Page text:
So what should we do? The best alternative, in my opinion, is to tell the truth!

That’s what a number of scientists have been doing.

I mentioned earlier that hundreds of thousands of birds are killed every year by wind turbines; what I didn’t mention is that a million bats, at a minimum, are killed every year by wind.

Consequently, bat scientists have been speaking out about this (rightfully so).

One migratory bat species in particular, the hoary bat, is very much at risk of going extinct right in the next few years because of the significant expansion of wind. It’s not just wind, it’s also on solar.

The scientists who were involved in creating the Ivanpah solar farm, who were involved in clearing that land, have also been speaking out.

One of them wrote, “Everybody knows that translocation of desert tortoises doesn’t work. When you’re walking in front of a bulldozer, crying and moving animals and cacti out of the way, it’s hard to think that the project is a good idea.”

And now we can see these phenomena at work at an international level.

California has actually been shoving tons of natural gas into the side of a mountain in order to handle all that intermittent solar and wind energy.

It sprung a leak.

It was equivalent to putting 500,000 cars on the road at the same time.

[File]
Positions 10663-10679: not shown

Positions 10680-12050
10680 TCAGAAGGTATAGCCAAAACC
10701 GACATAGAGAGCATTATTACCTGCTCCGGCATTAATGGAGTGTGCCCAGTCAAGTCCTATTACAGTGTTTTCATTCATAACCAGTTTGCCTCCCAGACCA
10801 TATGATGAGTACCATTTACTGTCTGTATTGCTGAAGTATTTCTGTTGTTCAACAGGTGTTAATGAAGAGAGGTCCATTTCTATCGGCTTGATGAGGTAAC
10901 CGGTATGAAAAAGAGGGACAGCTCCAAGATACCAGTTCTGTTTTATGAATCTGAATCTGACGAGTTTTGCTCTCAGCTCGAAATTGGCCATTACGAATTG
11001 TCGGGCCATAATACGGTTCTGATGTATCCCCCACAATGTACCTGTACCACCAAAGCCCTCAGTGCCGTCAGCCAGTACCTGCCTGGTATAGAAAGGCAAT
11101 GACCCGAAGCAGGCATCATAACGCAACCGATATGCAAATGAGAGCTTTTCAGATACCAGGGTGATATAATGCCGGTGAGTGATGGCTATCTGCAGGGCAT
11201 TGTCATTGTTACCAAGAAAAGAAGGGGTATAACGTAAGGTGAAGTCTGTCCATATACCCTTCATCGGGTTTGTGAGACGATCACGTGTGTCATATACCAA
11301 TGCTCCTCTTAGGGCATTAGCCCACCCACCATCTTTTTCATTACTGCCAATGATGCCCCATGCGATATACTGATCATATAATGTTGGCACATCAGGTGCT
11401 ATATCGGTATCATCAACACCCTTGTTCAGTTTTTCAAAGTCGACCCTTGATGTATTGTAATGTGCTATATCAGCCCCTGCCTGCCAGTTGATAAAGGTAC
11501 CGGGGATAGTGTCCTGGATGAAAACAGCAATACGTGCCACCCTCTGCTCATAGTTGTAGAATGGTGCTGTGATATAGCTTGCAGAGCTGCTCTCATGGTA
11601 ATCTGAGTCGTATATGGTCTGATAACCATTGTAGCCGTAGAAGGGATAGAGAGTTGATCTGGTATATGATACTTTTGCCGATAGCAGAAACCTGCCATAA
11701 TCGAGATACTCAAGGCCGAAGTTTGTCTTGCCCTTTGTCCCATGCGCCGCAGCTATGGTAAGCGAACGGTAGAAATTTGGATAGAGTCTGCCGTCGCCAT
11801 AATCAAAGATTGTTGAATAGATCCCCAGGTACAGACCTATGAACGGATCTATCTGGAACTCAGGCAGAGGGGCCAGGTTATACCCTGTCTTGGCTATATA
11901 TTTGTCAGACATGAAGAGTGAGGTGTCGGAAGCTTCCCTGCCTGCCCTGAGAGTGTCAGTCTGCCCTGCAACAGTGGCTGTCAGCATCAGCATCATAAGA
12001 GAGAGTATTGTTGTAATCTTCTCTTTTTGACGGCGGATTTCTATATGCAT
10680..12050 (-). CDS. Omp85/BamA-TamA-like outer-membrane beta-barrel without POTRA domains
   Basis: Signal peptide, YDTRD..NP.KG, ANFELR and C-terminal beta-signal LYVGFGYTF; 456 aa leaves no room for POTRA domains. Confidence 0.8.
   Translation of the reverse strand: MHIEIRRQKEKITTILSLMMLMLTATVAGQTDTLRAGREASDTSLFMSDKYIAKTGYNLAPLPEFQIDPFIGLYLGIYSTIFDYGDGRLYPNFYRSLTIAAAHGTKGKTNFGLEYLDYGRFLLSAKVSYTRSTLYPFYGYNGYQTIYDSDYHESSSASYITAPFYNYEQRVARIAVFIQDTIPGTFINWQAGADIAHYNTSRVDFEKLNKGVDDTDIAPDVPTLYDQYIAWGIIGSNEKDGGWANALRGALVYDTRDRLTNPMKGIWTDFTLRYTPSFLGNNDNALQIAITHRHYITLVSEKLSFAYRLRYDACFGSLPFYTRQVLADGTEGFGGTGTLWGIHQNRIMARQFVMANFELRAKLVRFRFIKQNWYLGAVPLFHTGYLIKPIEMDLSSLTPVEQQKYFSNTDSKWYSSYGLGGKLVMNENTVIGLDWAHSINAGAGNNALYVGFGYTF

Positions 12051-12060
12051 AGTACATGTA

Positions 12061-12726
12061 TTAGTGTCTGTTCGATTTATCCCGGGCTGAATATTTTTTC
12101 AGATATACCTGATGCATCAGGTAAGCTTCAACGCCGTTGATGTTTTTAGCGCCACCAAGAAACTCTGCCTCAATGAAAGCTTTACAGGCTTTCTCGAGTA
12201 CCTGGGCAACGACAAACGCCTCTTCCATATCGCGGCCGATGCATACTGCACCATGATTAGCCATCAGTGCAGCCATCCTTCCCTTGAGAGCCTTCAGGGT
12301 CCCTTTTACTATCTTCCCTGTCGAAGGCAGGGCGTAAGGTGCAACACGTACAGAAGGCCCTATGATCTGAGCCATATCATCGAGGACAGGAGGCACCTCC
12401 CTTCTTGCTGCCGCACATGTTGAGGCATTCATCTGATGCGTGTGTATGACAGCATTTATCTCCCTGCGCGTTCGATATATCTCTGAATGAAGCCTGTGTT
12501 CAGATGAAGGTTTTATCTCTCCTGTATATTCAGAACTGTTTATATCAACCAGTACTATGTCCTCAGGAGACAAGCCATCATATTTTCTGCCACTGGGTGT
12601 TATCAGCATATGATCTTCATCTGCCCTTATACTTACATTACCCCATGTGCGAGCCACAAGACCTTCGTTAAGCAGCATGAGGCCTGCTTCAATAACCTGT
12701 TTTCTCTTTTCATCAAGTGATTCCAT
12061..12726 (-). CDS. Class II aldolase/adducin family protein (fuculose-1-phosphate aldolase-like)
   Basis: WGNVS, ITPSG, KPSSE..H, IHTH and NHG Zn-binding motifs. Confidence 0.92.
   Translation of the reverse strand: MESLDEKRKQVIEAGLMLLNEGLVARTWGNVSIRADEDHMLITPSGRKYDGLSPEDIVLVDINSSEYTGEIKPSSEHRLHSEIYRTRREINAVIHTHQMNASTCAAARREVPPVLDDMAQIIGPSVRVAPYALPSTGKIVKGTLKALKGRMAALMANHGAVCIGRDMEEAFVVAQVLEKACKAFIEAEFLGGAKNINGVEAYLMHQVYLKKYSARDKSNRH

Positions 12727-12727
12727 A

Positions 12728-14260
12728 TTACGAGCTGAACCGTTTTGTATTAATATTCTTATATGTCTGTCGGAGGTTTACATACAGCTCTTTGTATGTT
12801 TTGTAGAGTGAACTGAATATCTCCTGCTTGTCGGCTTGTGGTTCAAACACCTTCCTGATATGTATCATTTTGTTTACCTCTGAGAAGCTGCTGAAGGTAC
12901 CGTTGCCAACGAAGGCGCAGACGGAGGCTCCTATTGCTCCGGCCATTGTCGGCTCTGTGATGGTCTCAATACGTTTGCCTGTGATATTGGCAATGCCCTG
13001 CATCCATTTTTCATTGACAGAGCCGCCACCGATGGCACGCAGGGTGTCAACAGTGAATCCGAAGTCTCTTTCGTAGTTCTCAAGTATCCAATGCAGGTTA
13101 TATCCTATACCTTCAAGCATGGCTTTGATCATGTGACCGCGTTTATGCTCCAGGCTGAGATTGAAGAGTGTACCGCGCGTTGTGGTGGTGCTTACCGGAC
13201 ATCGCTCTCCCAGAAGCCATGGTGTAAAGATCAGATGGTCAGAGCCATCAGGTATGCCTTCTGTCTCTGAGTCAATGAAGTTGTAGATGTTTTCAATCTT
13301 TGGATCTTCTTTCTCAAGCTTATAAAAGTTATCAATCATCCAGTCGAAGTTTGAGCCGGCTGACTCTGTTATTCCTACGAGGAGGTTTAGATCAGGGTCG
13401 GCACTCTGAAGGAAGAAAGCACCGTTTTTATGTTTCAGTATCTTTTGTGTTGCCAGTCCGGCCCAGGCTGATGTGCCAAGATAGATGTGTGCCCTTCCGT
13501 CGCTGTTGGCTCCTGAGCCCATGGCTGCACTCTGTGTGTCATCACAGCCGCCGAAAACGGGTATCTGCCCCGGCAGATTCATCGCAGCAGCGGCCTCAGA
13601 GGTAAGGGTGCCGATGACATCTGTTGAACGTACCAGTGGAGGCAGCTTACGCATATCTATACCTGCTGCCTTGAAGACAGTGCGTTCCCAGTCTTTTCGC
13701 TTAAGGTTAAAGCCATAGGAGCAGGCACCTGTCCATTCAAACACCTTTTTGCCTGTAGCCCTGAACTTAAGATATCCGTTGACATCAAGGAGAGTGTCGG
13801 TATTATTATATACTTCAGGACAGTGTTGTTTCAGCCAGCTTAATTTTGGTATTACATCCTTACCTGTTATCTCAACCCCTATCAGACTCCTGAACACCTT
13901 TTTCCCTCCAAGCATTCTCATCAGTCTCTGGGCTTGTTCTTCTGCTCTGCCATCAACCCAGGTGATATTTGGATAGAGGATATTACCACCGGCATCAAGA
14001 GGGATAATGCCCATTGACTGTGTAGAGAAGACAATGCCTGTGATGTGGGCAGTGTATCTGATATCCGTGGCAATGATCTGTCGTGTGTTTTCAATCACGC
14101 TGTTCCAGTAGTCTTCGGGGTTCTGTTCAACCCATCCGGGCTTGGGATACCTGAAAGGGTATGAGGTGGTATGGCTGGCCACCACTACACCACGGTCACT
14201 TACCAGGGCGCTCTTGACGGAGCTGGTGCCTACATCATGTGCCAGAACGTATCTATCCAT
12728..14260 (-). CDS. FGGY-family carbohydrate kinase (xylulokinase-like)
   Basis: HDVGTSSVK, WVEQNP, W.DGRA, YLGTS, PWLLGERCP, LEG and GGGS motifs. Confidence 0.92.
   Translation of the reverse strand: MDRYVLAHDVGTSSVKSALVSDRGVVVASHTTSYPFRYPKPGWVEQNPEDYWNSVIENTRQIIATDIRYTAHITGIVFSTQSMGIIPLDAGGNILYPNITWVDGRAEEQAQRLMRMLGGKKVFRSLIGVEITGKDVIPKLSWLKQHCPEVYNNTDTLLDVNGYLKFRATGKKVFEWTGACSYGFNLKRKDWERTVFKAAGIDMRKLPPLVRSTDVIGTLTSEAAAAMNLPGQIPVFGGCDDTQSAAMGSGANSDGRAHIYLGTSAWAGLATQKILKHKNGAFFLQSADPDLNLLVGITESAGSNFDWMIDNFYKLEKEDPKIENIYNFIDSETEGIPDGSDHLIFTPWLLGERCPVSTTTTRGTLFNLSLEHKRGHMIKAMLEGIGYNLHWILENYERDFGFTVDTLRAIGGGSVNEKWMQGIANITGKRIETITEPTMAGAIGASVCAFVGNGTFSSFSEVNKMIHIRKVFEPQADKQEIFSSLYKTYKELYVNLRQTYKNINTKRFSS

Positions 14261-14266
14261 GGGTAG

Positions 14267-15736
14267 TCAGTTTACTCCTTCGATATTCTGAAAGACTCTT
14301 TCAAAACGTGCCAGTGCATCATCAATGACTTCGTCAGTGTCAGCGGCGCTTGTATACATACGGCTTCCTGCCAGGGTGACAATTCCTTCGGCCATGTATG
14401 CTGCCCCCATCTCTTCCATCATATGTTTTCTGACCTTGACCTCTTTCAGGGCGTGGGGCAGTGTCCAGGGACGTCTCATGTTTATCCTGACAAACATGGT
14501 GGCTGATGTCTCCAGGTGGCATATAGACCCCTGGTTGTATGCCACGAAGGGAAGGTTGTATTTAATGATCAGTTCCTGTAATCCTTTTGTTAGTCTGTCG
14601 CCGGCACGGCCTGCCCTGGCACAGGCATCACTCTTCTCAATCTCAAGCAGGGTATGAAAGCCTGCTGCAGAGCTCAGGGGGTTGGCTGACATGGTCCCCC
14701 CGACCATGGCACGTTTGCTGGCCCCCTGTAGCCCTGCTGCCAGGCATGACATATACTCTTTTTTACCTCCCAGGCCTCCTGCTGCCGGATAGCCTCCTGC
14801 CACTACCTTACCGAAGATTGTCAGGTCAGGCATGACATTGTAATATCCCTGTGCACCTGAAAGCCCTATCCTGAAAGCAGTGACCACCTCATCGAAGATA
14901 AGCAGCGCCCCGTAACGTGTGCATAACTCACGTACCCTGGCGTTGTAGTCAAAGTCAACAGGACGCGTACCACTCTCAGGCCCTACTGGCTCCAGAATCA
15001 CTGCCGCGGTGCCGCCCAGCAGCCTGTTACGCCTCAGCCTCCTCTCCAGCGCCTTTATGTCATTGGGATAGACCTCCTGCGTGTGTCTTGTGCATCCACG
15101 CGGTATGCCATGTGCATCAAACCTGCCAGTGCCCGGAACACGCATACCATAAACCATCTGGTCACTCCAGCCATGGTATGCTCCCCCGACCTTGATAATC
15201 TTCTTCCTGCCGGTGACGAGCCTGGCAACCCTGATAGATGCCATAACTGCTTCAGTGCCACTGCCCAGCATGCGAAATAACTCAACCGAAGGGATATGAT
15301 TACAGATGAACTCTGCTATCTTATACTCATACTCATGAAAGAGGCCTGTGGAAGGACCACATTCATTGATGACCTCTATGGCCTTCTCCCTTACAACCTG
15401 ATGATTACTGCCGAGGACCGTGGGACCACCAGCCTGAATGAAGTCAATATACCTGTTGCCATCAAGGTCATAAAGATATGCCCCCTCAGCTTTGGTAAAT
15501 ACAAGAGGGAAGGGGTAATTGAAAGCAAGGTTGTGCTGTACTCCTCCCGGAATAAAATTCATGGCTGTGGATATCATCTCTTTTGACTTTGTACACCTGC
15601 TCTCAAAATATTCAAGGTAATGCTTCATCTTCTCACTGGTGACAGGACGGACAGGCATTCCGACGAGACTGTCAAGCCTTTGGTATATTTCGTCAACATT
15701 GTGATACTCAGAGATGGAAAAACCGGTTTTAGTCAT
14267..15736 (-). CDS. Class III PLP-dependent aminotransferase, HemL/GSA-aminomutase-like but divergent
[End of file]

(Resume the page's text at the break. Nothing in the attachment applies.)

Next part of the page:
And in Germany, protesters are trying to block a new coal mining project that would involve destroying the ancient Hambacher Forest in order to get to the coal underneath, all in an effort to phase out nuclear energy and expand solar and wind.

Who wins? The solar and wind companies and the lobbyists they’re paying and the politicians that get funding and votes by greenwashing their own constitutes.

Who loses? Everyone else, including the wildlife.

The good news is that some countries are still paying attention to the real facts and hard data.

The Netherlands is one of the first countries in recent memory to actually announce that they’re going to increase their reliance on nuclear power because they can’t generate significant amounts of dependable energy from solar and wind to meet their climate and environmental targets while lowering the cost for their people.

Caring about these issues is great, I do, and that’s why I changed my mind.

Hopefully, as the facts have come in, many more will begin to question their prior beliefs and change their minds.

So, at this point, the true question now is, “Now that we know that renewables can’t save the planet, are we going to keep letting them destroy it?”